A sip from a forbidden cup

From early childhood the Incomparable Sunflower was not allowed to even touch her Mom’s prized crystal. When she turned ten, her Mom allowed her to help wash it once a year or so and then stow it back away to keep it safe. When her parents passed away, Sunflower came into possession of the crystal.
We packed it away safely. When we started to go to estate sales, we would periodically see crystal from that era but never a match until today. We went home to get a champagne glass to take to be sure, and it was a perfect match. We bought 9 wine glasses and 9 champagne glasses.
On the drive, Sunflower talked about the crystal, and I asked the question: “Did anyone ever drink from it?” She said no. no one was allowed to touch it except for when it was being washed.
When we got home, I washed two of her Mom’s champagne glasses and opened a bottle. For the first time in her life, Sunflower was able to drink from the forbidden crystal.

The Incomparable Sunflower

About time, eh?

I inherited my mom’s crystal too, and we just used it for the first time at our house this past Thanksgiving. Mom’s been gone for almost 8 years.

Gorgeous stuff: crystal, china, silver, lace tablecloths, embroidered anything–all that stuff is meant to be USED. Maybe it gets put away for Christmas or Thanksgiving, but it should not be locked away forever.

Good for you with the champagne!

A nice story, and hate to put a damper on things, but a reminder that some crystalware may contain high amounts of lead and that’s reason it was never used. It’s generally safe for occasional drinking or serving food in, but never store anything, especially acidic things like wine in in it.


I don’t know exactly when public awareness was widespread about lead crystal, but I remember prior to the early 70’s, there were no labels on crystalware warning of of lead content. We routinely used some crystal bowls for parties before that. A may be wrong, but as I recall, the heavier the bowl and the longer the ‘ring’ is sustained, the higher the lead content.

Remember that lead use in paint wasn’t banned by the Federal Government until 1978 https://www.epa.gov/lead/protect-your-family-exposures-lead and pottery glaze, especially from countries with little to no regulations may contain lead.

That said. My Dad used to let me play with a small bottle of mercury when I was young, letting me pour it it my hand and squish it between my fingers. Ahhh…different times. :stuck_out_tongue:

And I’m happy to remove the damper! Studies show that while STORING wine and other beverages in lead crystal releases lead into the contents, merely DRINKING from leaded crystal glasses does not and is, therefore safe.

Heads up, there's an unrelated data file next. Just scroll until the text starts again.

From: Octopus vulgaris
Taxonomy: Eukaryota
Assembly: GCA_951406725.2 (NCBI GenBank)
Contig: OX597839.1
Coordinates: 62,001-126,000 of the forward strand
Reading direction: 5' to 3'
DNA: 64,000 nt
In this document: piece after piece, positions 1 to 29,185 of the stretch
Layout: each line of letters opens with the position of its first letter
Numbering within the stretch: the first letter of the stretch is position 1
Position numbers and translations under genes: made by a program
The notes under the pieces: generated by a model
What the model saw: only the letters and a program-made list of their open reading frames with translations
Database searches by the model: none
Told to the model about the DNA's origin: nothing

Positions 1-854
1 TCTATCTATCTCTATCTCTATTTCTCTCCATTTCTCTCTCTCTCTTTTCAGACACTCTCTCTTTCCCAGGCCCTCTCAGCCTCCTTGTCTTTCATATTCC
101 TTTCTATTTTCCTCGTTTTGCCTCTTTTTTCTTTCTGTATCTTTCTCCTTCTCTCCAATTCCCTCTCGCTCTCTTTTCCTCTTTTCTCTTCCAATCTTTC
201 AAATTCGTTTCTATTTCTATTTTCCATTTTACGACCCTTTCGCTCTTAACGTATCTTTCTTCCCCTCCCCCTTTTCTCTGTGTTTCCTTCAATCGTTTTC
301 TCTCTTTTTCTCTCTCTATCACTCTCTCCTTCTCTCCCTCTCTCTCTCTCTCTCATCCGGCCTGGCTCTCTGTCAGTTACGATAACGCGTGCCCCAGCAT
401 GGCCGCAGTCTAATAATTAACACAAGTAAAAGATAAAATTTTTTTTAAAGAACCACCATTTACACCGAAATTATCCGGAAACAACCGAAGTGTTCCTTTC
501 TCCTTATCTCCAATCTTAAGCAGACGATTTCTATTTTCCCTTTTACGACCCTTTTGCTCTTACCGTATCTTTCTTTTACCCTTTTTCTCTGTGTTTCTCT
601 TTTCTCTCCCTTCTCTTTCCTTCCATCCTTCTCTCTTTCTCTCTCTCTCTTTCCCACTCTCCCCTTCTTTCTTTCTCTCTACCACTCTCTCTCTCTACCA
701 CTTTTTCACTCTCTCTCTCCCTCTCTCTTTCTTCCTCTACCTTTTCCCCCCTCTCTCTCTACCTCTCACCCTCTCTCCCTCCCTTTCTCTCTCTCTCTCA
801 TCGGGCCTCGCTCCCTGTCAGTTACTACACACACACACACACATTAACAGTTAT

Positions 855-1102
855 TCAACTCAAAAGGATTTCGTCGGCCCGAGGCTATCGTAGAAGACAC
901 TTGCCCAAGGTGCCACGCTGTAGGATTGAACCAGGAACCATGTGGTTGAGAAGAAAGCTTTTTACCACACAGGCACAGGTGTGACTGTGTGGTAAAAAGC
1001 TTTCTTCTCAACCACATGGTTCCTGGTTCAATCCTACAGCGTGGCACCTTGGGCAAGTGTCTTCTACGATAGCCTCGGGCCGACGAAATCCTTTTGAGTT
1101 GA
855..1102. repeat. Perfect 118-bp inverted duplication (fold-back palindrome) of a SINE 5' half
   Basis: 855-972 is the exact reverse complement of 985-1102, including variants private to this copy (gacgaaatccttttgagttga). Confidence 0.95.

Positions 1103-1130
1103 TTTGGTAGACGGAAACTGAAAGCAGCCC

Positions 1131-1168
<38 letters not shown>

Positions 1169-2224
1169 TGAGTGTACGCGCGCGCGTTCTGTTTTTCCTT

Fostoria crystal! I have that exact same pattern because I inherited from my mother! Like Sunflower’s mother, it got put in the china hutch with the good china we never ate off of and the good silverware that we never used.

We also had good towels that you’d get in trouble if you used, and fancy soaps we weren’t allowed to use. I decided not to torture my own kids with stuff like that.

I’ve got glassware “deadlier” than Lead Crystal, I have a small collection of Depression Glass (Vaseline Glass), that’s glassware with up to 2% Uranium Oxide in it, yes, Uranium!

it has a pale greenish/yellow tint, and when exposed to UV light, it glows a vivid yellow/green

DG/VG is a weak Alpha particle emitter and most of the Alpha radiation doesn’t make it out of the glass, it’s fine to collect, but using it for food/drinks is not recommended…

My own “Forbidden heirloom” is Dad’s old Ruger Super Single Six .22 single action revolver, growing up as a kid, I always wanted to shoot the Ruger at my backyard range, but he always said no, even though I was/am a responsible firearms owner, he never explained why he never let me shoot it, it’s mine now, and brings back fond memories whenever I shoot it, it’s one of the few guns in my collection that’ll never be sold.

That’s a nice looking glassware set, glad the two of you got to enjoy it properly :slight_smile:

That was a touching story to read. Both sets of my grandparents had their set of “good china.” But it was used so often that by the time my folks were in a position to take it a lot had been broken. No one seemed to mind. I still have one wine glass left. I try to break it too on occasion.

Someone gave us champagne flutes for our wedding. I don’t remember who made them but they came in a fancy box and seemed very expensive. They went straight into the china cabinet and have been collecting dust in there ever since. If we ever had champagne, which we don’t, we probably wouldn’t even remember we had them.